The normally steadfast news balance of The Washington Times, particularly when it comes to nanny activists, took a sharp left turn when The Times published a double whammy of articles denouncing popular foods (“Junk-food mania” and “Listing of 10 unhealthy selections,” Family Times, June 4).

The article quotes anti-choice food authors and activists with ease, but the reporter fails to cite a single expert from the food industry under attack. Virtually every mainstream nutrition expert, including the American Medical Association, tells us there’s no such thing as “good” food or “bad” food. There are only good and bad eating habits. The answer to almost everyone’s individual weight problems can be found in moderating what we eat and increasing our exercise.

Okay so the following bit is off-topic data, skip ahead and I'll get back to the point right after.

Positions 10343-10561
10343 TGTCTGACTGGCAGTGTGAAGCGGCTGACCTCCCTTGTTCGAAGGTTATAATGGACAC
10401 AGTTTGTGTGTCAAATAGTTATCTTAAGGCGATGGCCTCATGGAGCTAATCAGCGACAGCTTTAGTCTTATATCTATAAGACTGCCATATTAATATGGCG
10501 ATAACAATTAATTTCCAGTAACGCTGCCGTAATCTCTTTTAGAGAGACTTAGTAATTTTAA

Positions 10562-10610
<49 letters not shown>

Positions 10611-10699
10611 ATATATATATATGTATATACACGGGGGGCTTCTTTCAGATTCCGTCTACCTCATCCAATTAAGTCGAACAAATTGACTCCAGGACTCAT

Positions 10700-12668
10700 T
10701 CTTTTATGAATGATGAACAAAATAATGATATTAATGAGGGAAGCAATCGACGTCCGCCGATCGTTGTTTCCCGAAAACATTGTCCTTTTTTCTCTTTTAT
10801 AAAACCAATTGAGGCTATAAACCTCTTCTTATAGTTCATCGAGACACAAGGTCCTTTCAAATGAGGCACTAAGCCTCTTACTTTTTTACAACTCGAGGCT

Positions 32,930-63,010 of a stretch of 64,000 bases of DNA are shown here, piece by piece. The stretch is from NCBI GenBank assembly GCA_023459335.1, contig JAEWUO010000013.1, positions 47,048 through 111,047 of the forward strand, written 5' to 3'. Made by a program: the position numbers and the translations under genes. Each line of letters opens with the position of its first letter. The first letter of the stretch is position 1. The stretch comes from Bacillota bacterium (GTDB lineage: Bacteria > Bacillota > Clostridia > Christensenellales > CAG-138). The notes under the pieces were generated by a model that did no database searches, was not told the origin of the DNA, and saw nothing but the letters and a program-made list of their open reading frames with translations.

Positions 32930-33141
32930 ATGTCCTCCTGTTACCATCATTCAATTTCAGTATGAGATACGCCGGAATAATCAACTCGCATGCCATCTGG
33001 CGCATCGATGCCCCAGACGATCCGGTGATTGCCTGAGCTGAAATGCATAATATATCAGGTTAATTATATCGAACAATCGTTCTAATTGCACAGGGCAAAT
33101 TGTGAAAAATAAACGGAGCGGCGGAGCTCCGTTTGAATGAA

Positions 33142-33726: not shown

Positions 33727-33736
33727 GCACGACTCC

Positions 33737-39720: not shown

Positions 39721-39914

Figuring prominently in both articles is the Center for Science in the Public Interest (CSPI), whose denunciation of popular foods always dovetails with the advancement of its own political agenda. That’s why the Tufts University Nutritional Navigator says of CSPI: “Much of their advice falls outside the realm of generally accepted nutrition guidelines and recommendations.”

Also, when nutritionist and author Carol Simontacchi claims the food industry “is destroying our brains,” there are plenty of experts available to debate that lunatic premise. Instead, The Times delivers Ms. Simontacchi’s mind-boggling ultimatum: “Stop buying cookies, ice cream, candy and snacks.”

So much for moderation or balance . . . in news or nutrition.